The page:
The film's cast includes Patricia Arquette, Ethan Hawke, Ellar Coltrane, and Lorelei Linklater, and depicts a young boy in Texas dealing with the divorce of his parents and his journey into adulthood. Let me start off by saying that there is nothing that can take away from this film. The fact is, Boyhood is deserving of a lot of praise, simply because the immaculate amount of devotion and dedication that had to have went into creating it. The acting is commendable, with Ethan Hawke bringing the best performance out of the bunch. In-fact, I remember my friend making the joke that it'd have been more entertaining to simply be watching a film about Ethan Hawke. The acting of Ellar Coltrane is also very intriguing and, if nothing else, there's some novelty behind seeing him go from a small child to an adult.
There is a lot of stuff that I like about Boyhood. For starters, I liked the dynamic between the parents and the realism that was brought with it. For example, on one-hand, I found myself liking Ethan's character more than Patricia's character, but at the same time, it's tricky. The father seems more likable but he's the one that has been allotted the means to be more irresponsible, and from certain subtleties in the film, it looks like he has taken advantage of it. Meanwhile, the mother continues to make one mistake after the next. I mean, it's easy to hate the character for putting herself into one bad relationship after the next, but at the same time, it always seems like she is looking out for her kids, protecting them, and carrying a motherly devotion that knows no bound or extent. There is a certain amount of depth in that which is very difficult to come by.
The film's main objective seems to be realism, and if you look at it by those parameters and nothing else, Boyhood is a terrific film. In the same breath, I found myself believing that the all-out spectacle of it all was more enticing than the film itself. I know, I know, and make no mistake about it, I was enthralled with the film during some circumstances, but I never really found myself overtly immersed or enriched by the narrative themes, or chemistry between the characters. I never found myself really relating to, or being emotionally captured by Boyhood.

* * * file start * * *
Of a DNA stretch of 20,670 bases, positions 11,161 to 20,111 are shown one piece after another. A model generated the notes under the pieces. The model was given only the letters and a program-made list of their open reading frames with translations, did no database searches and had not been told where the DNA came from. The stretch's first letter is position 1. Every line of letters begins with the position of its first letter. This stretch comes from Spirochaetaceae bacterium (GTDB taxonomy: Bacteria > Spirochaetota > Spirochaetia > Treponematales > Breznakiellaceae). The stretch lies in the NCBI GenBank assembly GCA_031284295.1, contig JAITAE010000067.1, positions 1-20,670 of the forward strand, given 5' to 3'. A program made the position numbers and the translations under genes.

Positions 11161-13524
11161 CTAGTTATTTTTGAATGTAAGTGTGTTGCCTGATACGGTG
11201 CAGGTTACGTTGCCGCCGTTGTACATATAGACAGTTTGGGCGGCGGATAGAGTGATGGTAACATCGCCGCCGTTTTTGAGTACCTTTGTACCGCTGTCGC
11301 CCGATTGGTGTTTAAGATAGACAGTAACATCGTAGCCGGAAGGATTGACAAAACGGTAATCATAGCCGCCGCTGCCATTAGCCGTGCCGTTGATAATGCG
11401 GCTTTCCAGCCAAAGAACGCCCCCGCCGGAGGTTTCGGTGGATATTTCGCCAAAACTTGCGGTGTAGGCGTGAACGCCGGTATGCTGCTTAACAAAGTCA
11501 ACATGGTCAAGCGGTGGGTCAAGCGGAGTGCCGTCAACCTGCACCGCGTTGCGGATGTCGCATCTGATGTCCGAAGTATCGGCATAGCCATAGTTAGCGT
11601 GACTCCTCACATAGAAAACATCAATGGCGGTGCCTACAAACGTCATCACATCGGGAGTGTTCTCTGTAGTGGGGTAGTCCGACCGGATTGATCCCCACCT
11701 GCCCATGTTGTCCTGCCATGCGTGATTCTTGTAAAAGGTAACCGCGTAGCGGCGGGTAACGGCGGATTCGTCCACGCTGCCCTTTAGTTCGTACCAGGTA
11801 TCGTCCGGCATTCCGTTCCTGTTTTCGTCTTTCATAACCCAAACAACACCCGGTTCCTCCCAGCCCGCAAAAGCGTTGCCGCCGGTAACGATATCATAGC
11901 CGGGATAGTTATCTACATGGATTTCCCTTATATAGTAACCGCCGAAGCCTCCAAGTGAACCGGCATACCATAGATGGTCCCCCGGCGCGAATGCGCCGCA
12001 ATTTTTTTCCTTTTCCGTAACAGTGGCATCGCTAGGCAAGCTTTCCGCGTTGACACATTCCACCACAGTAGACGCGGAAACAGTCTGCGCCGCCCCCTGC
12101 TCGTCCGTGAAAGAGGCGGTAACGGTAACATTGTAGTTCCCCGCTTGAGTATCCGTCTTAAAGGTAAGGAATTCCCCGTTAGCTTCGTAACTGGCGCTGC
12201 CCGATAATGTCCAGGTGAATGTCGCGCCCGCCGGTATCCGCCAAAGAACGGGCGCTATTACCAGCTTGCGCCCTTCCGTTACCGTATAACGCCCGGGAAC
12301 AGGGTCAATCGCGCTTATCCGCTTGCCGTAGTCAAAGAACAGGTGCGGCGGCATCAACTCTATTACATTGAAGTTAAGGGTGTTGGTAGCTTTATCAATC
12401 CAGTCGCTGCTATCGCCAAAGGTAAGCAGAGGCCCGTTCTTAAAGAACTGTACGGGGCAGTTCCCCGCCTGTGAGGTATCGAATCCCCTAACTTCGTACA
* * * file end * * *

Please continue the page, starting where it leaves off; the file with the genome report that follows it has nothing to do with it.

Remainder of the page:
What I felt like, more than anything, is that it was a chunk cut from a child's life and pasted on the screen and done with proficient directing and capable actors. The film was done well, and for that, we should rejoice because it succeeded at accomplishing what it was meant to accomplish. Whether or not that is a high-art film of immense quality will vary from viewer to viewer. As I've said, I liked Ethan Hawke more than anybody else in this film, but I found myself not as amazed with Ellar Coltrane. It isn't the actor, as he certainly does well with the role, but I never really felt anything for the character. I suppose that's a little bit of the spectacle of it all though, isn't it? The film isn't meant to feel like it's a bunch of characters and it isn't meant to have a conventional narrative with a singular message wrapping it up in a neat-and-shiny packaging that offers closure and satisfaction, but at the same time, that's why I find myself thinking once again that the spectacle of it all is more of a driving force than the actual film.
I would definitely recommend it for anyone though, even if you're on the fence, the fact that so many folk absolutely love it means that I could easily be one of the 'odd-balls' that only likes it, but at the very least, I'd recommend it for the effort.
Thanks for reading...